On Saturday, dignitaries, family, and friends gathered to remember Stephanie Tubbs Jones. Among the high profile mourners was Democratic Presidential nominee Barack Obama, and as ideastream®’s Dan Bobkoff reports, Obama’s presence did not go unnoticed.
Funerals are clearly not campaign events, but with Barack Obama on stage just two days after accepting the democratic nomination for president, it was, perhaps, inevitable that politics would creep into the program. This is Congresswoman Carolyn Kilpatrick.
KILPATRICK: Are you ready to win? Do you want your country back?
Wait, this was a memorial service, right?
To be fair, Obama, himself, did not use the occasion as a chance to campaign. But now and then as others spoke, the political rhetoric would creep in. There was this from Jimmy Dimora, the embattled chair of the Cuyahoga County Democrats.
DIMORA: Cuyahoga County is going to do its part to make sure you’re the next president of the United States. Take it to the bank, these people want change!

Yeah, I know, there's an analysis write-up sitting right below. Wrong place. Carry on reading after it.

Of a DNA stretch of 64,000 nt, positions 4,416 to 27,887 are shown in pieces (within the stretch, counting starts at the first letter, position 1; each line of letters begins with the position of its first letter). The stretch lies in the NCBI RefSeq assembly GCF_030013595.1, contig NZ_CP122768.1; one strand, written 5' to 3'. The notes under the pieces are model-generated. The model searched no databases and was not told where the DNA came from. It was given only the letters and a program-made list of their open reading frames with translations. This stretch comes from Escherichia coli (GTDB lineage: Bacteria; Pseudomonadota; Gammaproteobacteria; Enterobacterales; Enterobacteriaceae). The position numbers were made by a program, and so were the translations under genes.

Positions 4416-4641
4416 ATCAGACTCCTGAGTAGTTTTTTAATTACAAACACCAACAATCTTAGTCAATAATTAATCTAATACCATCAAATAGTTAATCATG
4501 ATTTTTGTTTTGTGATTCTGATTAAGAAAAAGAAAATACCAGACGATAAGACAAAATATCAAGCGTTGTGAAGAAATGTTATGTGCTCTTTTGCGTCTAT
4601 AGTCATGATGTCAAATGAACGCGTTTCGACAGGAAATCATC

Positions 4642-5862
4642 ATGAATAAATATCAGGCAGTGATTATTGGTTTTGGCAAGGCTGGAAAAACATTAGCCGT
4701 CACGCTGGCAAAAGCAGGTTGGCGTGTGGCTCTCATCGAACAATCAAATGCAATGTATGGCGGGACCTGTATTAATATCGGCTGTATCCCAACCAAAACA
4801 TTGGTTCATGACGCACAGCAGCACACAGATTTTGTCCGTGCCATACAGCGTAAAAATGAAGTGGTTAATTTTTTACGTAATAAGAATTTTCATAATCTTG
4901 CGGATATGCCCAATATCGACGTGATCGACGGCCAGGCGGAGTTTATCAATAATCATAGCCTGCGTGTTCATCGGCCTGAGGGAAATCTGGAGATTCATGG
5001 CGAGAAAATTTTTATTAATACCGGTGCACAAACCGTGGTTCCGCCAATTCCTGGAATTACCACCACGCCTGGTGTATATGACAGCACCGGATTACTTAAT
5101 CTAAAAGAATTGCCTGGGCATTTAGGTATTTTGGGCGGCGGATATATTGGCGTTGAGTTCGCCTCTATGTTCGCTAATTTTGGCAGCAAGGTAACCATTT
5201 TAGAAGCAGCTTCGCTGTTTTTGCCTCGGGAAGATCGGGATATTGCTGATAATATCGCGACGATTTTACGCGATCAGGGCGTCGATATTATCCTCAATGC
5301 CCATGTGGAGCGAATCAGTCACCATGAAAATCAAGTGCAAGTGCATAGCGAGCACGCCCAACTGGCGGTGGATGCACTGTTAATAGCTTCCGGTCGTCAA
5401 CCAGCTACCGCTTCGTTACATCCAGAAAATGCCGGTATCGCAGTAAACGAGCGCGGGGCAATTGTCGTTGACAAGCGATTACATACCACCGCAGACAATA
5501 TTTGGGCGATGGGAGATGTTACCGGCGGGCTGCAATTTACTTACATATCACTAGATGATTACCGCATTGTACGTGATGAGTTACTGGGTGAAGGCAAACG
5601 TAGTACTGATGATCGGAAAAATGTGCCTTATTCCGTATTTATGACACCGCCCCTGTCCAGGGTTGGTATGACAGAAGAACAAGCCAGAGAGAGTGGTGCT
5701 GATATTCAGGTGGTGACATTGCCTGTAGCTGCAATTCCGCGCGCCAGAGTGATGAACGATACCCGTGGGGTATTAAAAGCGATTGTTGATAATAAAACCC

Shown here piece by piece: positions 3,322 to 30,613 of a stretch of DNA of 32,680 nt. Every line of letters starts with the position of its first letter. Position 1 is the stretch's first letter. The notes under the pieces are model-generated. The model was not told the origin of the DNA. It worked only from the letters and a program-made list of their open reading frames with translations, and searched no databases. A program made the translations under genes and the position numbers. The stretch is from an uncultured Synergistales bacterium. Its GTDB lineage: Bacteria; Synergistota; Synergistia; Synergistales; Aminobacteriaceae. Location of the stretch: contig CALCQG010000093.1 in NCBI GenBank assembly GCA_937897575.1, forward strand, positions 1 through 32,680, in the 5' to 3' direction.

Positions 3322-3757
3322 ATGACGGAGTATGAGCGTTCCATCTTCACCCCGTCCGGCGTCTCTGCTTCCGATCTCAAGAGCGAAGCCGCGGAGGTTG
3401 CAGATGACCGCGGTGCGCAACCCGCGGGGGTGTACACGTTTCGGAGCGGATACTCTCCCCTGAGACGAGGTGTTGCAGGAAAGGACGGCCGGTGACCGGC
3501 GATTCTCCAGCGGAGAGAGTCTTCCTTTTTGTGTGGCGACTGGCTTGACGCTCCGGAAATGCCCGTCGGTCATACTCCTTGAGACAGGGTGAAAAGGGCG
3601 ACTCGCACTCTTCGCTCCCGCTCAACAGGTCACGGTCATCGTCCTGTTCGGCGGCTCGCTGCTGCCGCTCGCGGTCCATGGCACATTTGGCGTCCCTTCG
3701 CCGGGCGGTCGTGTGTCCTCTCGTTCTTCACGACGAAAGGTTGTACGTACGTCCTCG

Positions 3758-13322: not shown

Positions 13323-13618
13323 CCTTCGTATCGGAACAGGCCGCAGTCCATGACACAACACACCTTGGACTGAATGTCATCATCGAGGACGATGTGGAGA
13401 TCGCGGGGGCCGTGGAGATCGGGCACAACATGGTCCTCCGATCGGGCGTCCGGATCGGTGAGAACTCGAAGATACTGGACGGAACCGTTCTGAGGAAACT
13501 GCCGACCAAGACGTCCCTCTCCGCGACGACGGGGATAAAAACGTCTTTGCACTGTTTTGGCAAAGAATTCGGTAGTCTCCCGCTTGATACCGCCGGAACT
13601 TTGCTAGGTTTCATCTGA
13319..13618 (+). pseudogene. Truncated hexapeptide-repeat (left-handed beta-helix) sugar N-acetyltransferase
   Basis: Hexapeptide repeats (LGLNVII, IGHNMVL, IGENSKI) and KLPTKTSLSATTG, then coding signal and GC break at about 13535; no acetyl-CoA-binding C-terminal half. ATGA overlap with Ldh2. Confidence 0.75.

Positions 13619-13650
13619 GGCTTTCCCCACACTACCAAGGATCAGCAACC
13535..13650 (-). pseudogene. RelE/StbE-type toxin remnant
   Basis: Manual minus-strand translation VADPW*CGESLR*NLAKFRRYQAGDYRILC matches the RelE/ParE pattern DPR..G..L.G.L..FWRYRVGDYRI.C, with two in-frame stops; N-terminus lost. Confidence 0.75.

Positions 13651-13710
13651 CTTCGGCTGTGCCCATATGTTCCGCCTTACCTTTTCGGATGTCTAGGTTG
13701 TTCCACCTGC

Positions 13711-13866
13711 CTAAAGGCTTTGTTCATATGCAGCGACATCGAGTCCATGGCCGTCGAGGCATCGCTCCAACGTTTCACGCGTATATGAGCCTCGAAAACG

Some more graceful comments came from former President Bill Clinton who told a story of meeting a six year old in Cleveland who was surprised to see that the president was… alive.
CLINTON: I mean, you know, he thought the president was George Washington, Thomas Jefferson—he thought the president was a dead white guy. Thanks to you, senator, no one will ever think that’s the definition of a president again.
Before Obama, Tubbs Jones and her predecessor Louis Stokes were racial trailblazers. Stokes was the first African American elected to congress from Ohio. Tubbs Jones: the first African American woman. Now 83, Stokes referenced Obama’s acceptance speech at the Democratic nomination and issued a thank you.
STOKES: You provided me, and many in this nation, the opportunity to see something that we thought we would never in our lifetime see. We want to thank you for becoming the nominee for the democratic party.
And, in that sense, Obama is carrying some of Tubbs Jones’ legacy.